Doug Johnson and Joyce Valenza have written an article on School Library Journal that is tearing through the blogs of librarians and media specialists like wildfire this October. If you want to come to the cusp of the debates swirling around libraries and media centers like Dorothy's Cyclone that took her to Oz, this is the article to read because truly, the items here hit at the core of school change.
One piece particularly hit me as a teacher was the part on creative commons where Doug and Joyce say:
It is also time to share with teachers and learners the rationale for Creative Commons and other emerging concepts that are less restrictive than traditional copyright licensing.1
Are we helping our students understand the issue of intellectual property from the point of view of the creator, not just the consumer? Librarians need to help students assign rights to their own creative works. They share information about a new world of sharing while respecting intellectual property.
Gosh. We talk about creative commons but I'm not looking at them as Creators as I ought to! I'm missing something here. In the past, I've taught them how to pick the proper license but pretty much I sort of led the decision making for them — I need to advise them and teach them to MAKE THEIR OWN DECISION.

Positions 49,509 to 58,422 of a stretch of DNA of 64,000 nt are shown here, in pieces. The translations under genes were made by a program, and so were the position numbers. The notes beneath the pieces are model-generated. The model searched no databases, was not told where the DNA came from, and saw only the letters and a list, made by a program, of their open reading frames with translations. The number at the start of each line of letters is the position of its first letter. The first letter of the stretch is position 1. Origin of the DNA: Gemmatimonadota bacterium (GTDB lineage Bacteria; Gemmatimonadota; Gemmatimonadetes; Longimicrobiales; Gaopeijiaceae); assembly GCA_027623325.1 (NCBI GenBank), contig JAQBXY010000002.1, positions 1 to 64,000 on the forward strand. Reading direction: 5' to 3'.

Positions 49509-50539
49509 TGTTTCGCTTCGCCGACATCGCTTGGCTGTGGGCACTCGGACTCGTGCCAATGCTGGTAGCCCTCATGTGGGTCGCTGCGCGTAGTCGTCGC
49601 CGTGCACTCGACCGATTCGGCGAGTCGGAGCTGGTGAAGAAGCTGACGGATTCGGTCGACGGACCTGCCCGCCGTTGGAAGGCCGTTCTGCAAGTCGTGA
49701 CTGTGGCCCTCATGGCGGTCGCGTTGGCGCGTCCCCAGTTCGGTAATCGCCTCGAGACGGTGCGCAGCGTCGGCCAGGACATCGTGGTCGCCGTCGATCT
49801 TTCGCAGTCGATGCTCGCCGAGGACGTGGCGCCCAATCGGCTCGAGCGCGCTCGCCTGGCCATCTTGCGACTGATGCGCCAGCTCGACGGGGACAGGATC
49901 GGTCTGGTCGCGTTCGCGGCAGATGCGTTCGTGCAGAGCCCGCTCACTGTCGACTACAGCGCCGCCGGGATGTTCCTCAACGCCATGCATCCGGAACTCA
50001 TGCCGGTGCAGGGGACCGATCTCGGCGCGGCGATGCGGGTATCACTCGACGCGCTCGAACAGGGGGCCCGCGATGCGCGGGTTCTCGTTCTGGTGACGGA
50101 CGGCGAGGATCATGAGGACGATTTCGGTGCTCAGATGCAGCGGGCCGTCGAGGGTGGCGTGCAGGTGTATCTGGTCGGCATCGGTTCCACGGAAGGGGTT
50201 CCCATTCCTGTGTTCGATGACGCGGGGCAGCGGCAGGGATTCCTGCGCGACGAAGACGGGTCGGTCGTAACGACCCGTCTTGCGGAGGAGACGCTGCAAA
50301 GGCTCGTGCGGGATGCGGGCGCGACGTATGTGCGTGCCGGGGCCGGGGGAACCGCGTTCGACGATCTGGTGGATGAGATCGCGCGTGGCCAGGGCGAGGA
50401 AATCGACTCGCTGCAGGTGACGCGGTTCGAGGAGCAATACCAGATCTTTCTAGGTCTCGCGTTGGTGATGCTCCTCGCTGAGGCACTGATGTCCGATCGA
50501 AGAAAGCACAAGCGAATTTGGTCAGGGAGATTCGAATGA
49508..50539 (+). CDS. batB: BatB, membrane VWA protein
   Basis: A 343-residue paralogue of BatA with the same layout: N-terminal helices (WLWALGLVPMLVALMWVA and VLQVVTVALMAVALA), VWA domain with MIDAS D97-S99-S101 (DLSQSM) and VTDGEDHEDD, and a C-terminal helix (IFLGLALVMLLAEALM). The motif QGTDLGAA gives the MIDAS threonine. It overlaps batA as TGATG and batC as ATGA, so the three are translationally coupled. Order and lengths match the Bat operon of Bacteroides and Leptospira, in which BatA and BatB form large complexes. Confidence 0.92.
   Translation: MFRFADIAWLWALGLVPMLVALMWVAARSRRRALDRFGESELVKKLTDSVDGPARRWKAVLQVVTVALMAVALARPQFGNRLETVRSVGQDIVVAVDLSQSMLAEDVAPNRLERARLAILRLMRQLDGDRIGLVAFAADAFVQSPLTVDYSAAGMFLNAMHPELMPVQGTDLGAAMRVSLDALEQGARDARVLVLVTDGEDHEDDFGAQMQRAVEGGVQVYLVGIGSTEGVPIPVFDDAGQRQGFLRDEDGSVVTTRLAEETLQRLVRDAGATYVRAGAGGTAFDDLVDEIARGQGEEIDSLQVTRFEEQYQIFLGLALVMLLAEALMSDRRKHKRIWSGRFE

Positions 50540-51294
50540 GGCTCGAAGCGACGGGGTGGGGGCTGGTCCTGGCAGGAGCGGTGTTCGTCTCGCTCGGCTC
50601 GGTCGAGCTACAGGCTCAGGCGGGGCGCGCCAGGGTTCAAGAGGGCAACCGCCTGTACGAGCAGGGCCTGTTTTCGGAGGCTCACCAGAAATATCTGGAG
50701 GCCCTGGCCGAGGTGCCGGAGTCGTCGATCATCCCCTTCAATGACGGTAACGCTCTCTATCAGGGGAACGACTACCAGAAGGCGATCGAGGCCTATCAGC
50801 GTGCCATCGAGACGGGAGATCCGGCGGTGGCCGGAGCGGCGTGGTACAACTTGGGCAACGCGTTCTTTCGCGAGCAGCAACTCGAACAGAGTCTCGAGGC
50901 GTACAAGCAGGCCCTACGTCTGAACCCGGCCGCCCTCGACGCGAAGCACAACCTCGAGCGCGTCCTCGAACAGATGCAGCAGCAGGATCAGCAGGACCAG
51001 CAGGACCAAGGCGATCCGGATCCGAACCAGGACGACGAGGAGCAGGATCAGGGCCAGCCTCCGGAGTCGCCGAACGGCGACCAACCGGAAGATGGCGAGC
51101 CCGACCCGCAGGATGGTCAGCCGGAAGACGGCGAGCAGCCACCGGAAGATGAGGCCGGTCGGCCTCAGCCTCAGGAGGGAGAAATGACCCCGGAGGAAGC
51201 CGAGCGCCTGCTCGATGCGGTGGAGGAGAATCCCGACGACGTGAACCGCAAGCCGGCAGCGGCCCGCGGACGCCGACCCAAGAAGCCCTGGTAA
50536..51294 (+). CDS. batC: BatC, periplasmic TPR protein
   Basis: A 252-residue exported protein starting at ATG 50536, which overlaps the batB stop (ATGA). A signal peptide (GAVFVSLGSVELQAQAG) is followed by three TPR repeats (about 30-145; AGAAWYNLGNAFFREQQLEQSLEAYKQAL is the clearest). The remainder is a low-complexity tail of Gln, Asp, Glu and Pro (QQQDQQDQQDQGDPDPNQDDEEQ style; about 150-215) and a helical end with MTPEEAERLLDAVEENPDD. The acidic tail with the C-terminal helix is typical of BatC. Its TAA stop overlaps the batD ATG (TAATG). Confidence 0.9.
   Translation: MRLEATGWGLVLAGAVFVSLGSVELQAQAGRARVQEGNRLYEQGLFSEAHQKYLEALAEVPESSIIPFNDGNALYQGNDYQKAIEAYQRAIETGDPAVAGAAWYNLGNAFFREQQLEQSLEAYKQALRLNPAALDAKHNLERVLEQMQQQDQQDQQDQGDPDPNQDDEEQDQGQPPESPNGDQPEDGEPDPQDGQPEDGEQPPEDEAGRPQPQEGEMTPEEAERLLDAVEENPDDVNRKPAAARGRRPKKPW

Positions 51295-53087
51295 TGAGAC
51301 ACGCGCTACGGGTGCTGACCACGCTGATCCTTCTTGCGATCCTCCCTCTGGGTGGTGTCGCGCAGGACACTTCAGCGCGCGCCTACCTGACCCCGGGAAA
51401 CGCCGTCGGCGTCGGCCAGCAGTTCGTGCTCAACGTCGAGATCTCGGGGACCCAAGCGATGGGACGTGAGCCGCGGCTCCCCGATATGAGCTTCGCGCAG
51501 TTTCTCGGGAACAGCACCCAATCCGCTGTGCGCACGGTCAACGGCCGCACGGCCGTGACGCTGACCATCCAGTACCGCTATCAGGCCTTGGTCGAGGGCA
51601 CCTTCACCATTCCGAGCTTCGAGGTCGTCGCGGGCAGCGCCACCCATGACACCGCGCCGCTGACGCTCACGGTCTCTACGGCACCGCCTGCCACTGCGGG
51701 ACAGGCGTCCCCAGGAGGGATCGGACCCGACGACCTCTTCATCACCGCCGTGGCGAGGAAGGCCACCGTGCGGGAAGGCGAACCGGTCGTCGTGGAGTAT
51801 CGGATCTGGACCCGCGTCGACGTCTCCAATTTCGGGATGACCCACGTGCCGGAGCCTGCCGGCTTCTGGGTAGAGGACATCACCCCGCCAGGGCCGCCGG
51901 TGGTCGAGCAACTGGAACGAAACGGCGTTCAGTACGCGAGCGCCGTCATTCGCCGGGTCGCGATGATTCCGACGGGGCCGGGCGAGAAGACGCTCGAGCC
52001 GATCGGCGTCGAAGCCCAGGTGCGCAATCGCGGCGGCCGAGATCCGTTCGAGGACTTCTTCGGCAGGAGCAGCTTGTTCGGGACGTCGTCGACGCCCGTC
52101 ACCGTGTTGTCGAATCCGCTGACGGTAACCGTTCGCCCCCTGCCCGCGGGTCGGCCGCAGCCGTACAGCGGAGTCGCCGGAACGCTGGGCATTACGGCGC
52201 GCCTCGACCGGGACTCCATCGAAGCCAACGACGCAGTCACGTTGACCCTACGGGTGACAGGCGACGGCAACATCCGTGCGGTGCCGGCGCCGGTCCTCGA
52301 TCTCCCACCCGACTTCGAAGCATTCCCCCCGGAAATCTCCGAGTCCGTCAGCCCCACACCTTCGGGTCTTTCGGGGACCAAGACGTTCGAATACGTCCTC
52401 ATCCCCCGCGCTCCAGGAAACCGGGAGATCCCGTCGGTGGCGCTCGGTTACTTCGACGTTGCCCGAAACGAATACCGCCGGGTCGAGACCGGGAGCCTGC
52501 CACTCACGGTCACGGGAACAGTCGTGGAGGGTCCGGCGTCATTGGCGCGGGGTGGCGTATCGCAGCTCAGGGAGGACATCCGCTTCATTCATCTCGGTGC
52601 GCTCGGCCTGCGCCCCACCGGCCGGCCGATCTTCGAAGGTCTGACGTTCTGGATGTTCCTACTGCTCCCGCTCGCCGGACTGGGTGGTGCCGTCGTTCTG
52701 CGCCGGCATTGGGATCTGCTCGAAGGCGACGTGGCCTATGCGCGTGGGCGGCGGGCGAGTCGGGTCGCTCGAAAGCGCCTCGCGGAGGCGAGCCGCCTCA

If you read the article above and want to view the responses that are garnering the most attention, Doug writs over on his blog about “Practicing Visionaries” and the responses he has gotten as did Joyce in her forum post on her Teacher Libarian Ning.
I think what I like most about this conversation is how this is being hashed out in public with thoughts between librarians. I think what I like least about this conversation is that truly public isn't public because it is on the Internet – on Doug's blog and Joyce's Ning and so many librarians, media specialists, and teacher librarians cannot access these things at school to be PART OF THE CONVERSATION.
Truly I feel that every librarian I know wants to do a good job and wants to improve their library but they just don't know how. My favorite book I've read thus far is from David Loetschner The New Learning Commons: Where Learners Win because it just makes so much sense. But again, I am NOT a librarian nor a media specialist and really can only reflect on what I see that I'm missing from my own teaching where it intersects with the teaching parts that are threaded throughout Doug's article.
So, pull the librarians and media specialists in and let them converse and not only let them converse but let them change.
Wonder where this whirlwind will take things. You know there is something to be said for talk, particularly among people who ACTUALLY DO SOMETHING as I believe so many of these are. So, read up, learn, and decide which of these points apply to you and your organization and what you should do to improve your media center.
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